Through this series, our aim is to share the stories and work of those who inspire us most here at Loisa - those who bring their own pure flavor to this world and elevate our lives by doing so.
A little bit about Brujas of Brooklyn
Brujas of Brooklyn are Griselda and Miguelina, identical twin PhDs. Black Dominicanas, these brujas merge the magic of ancestral medicine with sharp intellect. Their platform provides the balm to help folks heal from internalized oppression, particularly women. As certified kundalini and hatha yogis, these sisters design multi-sensory workshops that provide sacred space for women of color to heal from womb imbalances. Both are professors of the Social Sciences within the City College of New York (CUNY). They’ve both authored academic pieces on the effects of racialized oppression on communities of color, Dominicans in particular. Joy is their ultimate form of resistance.
How did you get into the work you do today?
[Griselda]: We were in a sense born into this. Our parents practiced what in Dominican culture is our version of Afro-Indegnious traditions “21 Divisiones.” Before our mother had us, while she carried us, and well into our childhood, we would go see women to get readings and go to spiritual misas (masses). Coming of age though our mother became super catholic naturally moving us away from all of that, so it wasn’t until our early twenties where we individually started to dabble in this work. Unknowingly we were reclaiming something that is very old ancestrally and also old in the sense of belonging in our family.
[Miguelina]: It was in 2016 we officially birthed our Instagram page, and that’s when Brujas of Brooklyn as the world knows us was born formally.
What’s inspiring you most these days?
[Griselda]: For me, these uprisings from this summer have been so inspiring. It's incredible to watch the younger generation, Generation Z, doing and talking about things; unpacking and complicating the narrative. It's also just so inspiring because it feels like change is finally beginning to happen, like there seems to finally be a mass awakening.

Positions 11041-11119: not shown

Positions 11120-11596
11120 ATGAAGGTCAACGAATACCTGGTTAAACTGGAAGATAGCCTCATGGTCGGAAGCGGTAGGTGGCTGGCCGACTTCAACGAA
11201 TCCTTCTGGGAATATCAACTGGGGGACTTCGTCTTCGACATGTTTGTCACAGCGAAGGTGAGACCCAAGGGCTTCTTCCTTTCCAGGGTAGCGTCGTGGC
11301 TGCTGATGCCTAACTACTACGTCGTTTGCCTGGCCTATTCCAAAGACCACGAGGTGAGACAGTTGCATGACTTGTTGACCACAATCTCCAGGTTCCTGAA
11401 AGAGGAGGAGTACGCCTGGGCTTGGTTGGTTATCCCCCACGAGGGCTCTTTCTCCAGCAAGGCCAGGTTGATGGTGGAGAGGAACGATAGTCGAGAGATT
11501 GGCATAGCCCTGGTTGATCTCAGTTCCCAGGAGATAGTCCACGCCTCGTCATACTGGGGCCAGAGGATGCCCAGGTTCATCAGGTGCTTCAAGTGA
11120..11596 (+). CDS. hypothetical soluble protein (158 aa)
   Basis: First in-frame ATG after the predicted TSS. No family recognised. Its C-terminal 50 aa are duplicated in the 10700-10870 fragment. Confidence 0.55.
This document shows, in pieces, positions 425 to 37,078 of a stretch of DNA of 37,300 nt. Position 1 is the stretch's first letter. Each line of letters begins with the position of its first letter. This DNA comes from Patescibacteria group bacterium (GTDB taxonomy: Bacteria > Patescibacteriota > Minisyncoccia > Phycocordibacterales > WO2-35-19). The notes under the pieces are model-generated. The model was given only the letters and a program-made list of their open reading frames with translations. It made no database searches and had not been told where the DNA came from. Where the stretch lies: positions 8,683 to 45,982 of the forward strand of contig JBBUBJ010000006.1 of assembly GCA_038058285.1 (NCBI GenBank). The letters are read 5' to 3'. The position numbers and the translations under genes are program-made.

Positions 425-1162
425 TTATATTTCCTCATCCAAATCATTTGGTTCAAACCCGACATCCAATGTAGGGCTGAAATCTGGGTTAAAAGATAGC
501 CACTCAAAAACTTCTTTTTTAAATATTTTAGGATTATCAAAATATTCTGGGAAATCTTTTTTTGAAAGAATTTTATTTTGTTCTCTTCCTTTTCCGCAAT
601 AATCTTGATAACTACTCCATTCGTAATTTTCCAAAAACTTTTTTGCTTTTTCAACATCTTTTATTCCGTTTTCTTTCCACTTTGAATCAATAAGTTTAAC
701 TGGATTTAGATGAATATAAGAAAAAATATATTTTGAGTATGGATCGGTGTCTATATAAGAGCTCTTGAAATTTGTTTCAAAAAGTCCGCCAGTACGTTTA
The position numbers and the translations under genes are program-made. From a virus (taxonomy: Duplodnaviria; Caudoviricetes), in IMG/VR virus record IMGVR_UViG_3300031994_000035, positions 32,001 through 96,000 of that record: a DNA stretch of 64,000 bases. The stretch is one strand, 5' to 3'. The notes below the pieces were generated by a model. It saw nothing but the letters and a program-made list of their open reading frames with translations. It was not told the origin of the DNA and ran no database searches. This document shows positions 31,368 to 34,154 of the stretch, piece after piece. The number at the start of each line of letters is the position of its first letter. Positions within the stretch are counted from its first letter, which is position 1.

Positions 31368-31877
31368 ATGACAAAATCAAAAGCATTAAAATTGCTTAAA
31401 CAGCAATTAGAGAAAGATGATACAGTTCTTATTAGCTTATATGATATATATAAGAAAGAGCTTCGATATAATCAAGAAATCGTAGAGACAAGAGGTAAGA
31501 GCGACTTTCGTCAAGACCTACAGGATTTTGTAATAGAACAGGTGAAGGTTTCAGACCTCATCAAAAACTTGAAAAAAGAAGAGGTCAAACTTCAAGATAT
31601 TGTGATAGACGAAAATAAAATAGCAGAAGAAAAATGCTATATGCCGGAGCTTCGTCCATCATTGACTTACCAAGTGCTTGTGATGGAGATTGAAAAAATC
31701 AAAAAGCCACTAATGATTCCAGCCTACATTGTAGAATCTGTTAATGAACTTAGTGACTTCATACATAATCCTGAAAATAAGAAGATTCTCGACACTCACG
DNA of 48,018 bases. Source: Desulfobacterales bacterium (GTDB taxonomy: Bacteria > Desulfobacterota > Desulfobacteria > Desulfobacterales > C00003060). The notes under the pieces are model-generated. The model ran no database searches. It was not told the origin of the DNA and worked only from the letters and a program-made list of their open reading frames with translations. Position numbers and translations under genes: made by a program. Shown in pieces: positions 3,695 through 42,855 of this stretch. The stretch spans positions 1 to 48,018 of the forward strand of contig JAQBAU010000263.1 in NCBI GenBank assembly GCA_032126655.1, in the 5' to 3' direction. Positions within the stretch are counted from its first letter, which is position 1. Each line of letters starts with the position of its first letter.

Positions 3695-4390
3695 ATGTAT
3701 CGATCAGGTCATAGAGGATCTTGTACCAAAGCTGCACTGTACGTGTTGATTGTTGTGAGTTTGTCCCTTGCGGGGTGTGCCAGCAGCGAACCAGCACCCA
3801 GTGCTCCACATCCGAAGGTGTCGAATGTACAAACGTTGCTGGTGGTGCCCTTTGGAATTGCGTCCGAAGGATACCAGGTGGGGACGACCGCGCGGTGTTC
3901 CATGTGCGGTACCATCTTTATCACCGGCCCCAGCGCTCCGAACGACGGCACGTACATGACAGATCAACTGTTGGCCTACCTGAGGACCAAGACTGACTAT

Who are you looking to lately for guidance and advice, whether for work or for personal reasons?
[Miguelina]: We keep a spiritual rolodex of sorts, almost like a council of elders that we can call on for different things. We are so grateful to have those people in our life.
What is a meaningful tradition in your life that revolves around food?
[Griselda]: When I think about the intersection of being Latina, being Afro-Latina, and being Dominican, there are so many things I can think of as meaningful traditions.
[Griselda]: At the beginning of quarantine Miguelina started recording videos of my mother cooking and it became a thing that people started to respond and react toward. It was such a beautiful thing that my sister and mother could come together around food to bond, heal, and be the one to carry the torch.
[Miguelina]: It wasn't so much about the food of the cooking but the relationship between a Latina mom and a Latina daughter. My mother doesn’t have a lot of time left on earth, she’s getting old, so one of the best ways to preserve her time on earth is to preserve her cooking.
What are you excited to cook up next?
[Griselda]: Figuratively I’m really excited to see what Miguelina and I cook within Brujas. I feel that we’re being led to invest a little bit more in Brujas instead of teaching, turning Brujas from a side gig to our main gig. I’m excited to cook up something the world has never seen before: two Black, Dominican, Latinx, twin women with PhDs. I think we’ve broken some kind of Guinness world record with all of that already!